If you’ve been dining in fancy restaurants – chances are – you’ve probably seen the words ‘amuse bouche’ on the menu right above the starters when you’re placing an order — no description, whatsoever.
Moments later, you find a plate of pretty little thingamajigs right in front of you; leaving you to wonder: ‘Are these the appetisers that I’ve ordered?’
The term ‘amuse bouche’ (pronounced ah-myuz boosh) is French for mouth amuser. Similar to the concept of canapes, amuse bouche is a complementary small bites that are served at the start of their multi-course dinner.
The amuse bouche was born out of France’s nouvelle cuisine movement in the early 1970s. In Europe – mostly France – they are more common and served in many eateries, from local bistros to star-studded Michelin restaurants. Over the years, the amuse bouche has evolved into a plate revelled in flair, grace and elegance.
One would think that with such small bites, amuse bouches wouldn’t matter in the scheme of a meal. But according to Chef Raymond Tham from Skillet@163 KL, they are hardly an afterthought.
“Amuse bouche is a bite-size hors d’oeuvre (French for appetiser), served before the appetisers; and usually complimentary from the house. The summer version is usually cool and refreshing while during the winter season, we serve warm and comforting morsels – both utilising selected seasonal ingredients,” shares chef Tham.
He admits that because the dish is so small, he is more adventurous to try and pair foods that diners normally wouldn’t order – think blue cheese and cardamom, or octopus with watermelon.
It may be difficult to transform an amuse bouche into a main dish, but it is a way for many chefs to experiment with new ingredient pairings and techniques as a teaser of what is yet to come. It creates an opportunity for chefs to also show off their finesse and creativity in the kitchen.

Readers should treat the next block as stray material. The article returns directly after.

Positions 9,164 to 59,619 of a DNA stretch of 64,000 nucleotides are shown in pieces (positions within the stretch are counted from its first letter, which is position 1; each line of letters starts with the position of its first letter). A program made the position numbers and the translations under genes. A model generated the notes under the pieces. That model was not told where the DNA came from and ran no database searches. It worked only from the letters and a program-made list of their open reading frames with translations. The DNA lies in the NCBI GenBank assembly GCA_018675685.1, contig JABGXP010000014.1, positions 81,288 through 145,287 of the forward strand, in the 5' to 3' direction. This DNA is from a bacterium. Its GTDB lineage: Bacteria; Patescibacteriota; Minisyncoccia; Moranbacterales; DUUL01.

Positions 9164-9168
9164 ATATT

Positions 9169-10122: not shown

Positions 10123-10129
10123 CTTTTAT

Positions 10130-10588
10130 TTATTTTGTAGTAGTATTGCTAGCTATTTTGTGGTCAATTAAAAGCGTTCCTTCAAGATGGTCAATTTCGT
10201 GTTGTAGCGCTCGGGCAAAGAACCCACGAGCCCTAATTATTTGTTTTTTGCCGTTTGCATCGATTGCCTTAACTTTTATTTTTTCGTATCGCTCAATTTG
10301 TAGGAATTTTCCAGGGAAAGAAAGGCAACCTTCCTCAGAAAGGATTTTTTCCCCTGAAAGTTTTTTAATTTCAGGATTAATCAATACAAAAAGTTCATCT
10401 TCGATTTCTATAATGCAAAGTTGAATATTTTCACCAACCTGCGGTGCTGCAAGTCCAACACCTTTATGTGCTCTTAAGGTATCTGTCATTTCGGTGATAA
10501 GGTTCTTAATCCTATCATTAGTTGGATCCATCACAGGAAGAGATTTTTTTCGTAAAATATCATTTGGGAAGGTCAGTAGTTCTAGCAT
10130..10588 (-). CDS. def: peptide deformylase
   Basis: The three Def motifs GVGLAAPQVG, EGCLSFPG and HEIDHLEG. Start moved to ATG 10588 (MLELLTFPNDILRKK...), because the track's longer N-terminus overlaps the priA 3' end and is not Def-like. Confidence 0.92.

These tiny morsels can be as whimsical and packed with drama in a small package or as clean and simply unpretentious. What the amuse bouche lacks in size, it makes up for in flavour – big time.
Jammed-packed with interesting flavours, these dainty appetisers are usually not on the menu. They are seasonal and change constantly depending on food trends and seasons.
“There shouldn’t be any limitation to creating [an] amuse bouche, as long as the ingredients make sense and allow diners to have something they can look forward to in the next course. In my opinion, a good amuse bouche should be something that doesn’t overpower the palate but more along the lines of flirting with your appetite,” opines chef Tham.
The bubbly chef also enjoys creating amuse bouches that pair well with their house champagne. His most bizarre appetiser anchors the jellyfish, which is common in Asian cooking but rare in Europe. His creation comes in a form of dainty delights made of pickled jellyfish, torch-ginger flower (bunga kantan), nitro pomelo, balsamic caviar and avocado cream; which goes very well with Veuve Clicquot.
“I had one of the best amuse bouche during a recent trip to Lima, Peru. It was a trio of sushi rice cracker with avocado, trout belly and ponzu gel; gourmet sausage, roasted banana, sachatomate emulsion, crunchy tapioca and ponzu; and chawanmushi with Aji negro (a type of black chilli),” recalls chef.
Honest to goodness, this little nibble of sorts can be almost anything. It should ‘explode’ in the mouth, burst into mind-blowing flavours and perfumed with aromatic notes. Nothing is off limits. Freshness, acidity, texture and temperature are probably elements that you’d find in an amuse bouche. But honestly, it really can be anything chefs fancy.
Chef Tham concludes: “Amuse bouche is like the trailer to a blockbuster. Let them entertain you.”